By Belen Casillas

Staff-Writer

As the speaker shouted over the microphone “Ready, set, go!” a wave of excitement over took the crowd. He looked straight ahead, pointing his scooter wheels toward the starting line. It was more than a race for David Gary; it was a march of determination to find a cure for what he has fought for many years, Becker Muscular Dystrophy.

“It’s the mental attitude. I have always said persevere and adapt to it. I think thinking positive actually does something chemically to your body, extends your life and you physically on any disease,” said Gary, 65, Vietnam War Air Force Veteran. 

The MDA Muscle Walk was held inside the Tyler Broadway Square Mall, on March 3. TJC Apache teams consisted of Apaches Chiefs, Art Club, Anime Club, and the Student Senate. The team was driven to make a difference and raised a total of $800 for the walk by selling raffle tickets and arm bracelets on campus.

“We walked throughout the mall in support of the MDA and to help raise enough money to find a cure,” said William Chronister, a member of the TJC Anime Club.

With his wife next to his side, Doctor Linda Gary, an English Professor at TJC, stood proud and willing to show support to those who needed it the most.

“It was just so wonderful to see the TJC community come together to help not just those in our community but those in the community at large in Smith County, in Texas, and across the country. I think TJC community is just the best at helping others,” said Gary.

“Muscular Dystrophy is a broad term used to describe a group of genetic diseases of the muscles. These diseases are characterized by the weakening and wasting of muscles,” said Candace Pate, Fundraising Coordinator for MDA of East Texas. 

The MDA helps families with numerous services for a better quality of life, such as summer camps, clinical visits, and medical equipment. MDA also funds research to find a cure, for the Muscular Dystrophy Diseases.

“Unfortunately, there is no cure but MDA has provided numerous treatments to prolong life and quality of life,” said Pate.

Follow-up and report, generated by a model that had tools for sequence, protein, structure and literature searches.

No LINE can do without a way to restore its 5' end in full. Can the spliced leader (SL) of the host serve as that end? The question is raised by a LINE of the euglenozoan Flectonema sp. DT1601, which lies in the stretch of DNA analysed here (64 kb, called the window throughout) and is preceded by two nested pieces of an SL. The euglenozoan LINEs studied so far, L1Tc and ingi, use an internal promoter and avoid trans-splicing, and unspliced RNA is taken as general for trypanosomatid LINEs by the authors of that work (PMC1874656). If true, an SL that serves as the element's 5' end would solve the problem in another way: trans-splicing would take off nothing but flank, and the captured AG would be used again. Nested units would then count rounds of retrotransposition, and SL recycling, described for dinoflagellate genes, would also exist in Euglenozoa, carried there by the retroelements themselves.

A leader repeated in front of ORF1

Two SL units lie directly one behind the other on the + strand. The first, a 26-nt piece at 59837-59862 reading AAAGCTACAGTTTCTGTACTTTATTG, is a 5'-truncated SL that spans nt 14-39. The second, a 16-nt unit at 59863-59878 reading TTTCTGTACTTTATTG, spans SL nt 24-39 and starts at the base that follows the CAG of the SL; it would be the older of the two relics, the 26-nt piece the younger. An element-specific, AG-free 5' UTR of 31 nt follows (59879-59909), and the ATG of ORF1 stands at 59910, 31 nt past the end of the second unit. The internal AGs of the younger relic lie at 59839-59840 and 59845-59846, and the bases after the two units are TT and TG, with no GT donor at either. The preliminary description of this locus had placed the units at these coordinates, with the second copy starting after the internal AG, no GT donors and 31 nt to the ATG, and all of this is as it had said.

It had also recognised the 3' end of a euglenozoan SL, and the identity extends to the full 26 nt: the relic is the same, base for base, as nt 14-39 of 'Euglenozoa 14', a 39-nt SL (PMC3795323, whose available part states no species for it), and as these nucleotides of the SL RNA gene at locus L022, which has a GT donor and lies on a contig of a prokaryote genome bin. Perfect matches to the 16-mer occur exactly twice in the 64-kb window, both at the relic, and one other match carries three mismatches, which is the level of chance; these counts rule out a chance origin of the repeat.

Like Gary, many people with muscular dystrophy struggle to live a normal life, but the disease has not stopped Gary from helping others rise from similar diseases.

“His ability to adapt to the situation and persevere is a lesson to us all and it’s a lesson even to our students because our students face incredible challenges. Many of them work fulltime, have family obligations, are facing tremendous, economical hardship,” said Gary. “It always amazes me how dedicated, how motivated they are and it makes me want to work that much harder to help them succeed and fulfill their dreams… Volunteer, don’t sit at home. There is stuff you can do because you sit at home, your life’s not going to be very long I think, whether you have Dystrophy or not. It’s hard to describe how volunteering changes your life until you do it,” said Gary.

With a bright yellow shirt and a big smile, Lauren Tyler, and the coordinator for Student Life, showed her support on Saturday and motivated others to get involved with life-threatening issues which can give a reality check to many students.

“Fulfilling promise number 3: getting out there helping the community. You know like I said; it is those that effect some people here on campus,” said Tyler. She also explains the need to become humble through the experience of not living selfishly, but giving back to those in need.

TJC came in second place as one of the contributors adding to the total of approximately $35,000 that the MDA Walk rose on Saturday.  

To volunteer, contribute, or for more information about the MDA of East Texas, contact Candace Pate at 903-534-2984 or email her at cbpate@mdausa.org. 

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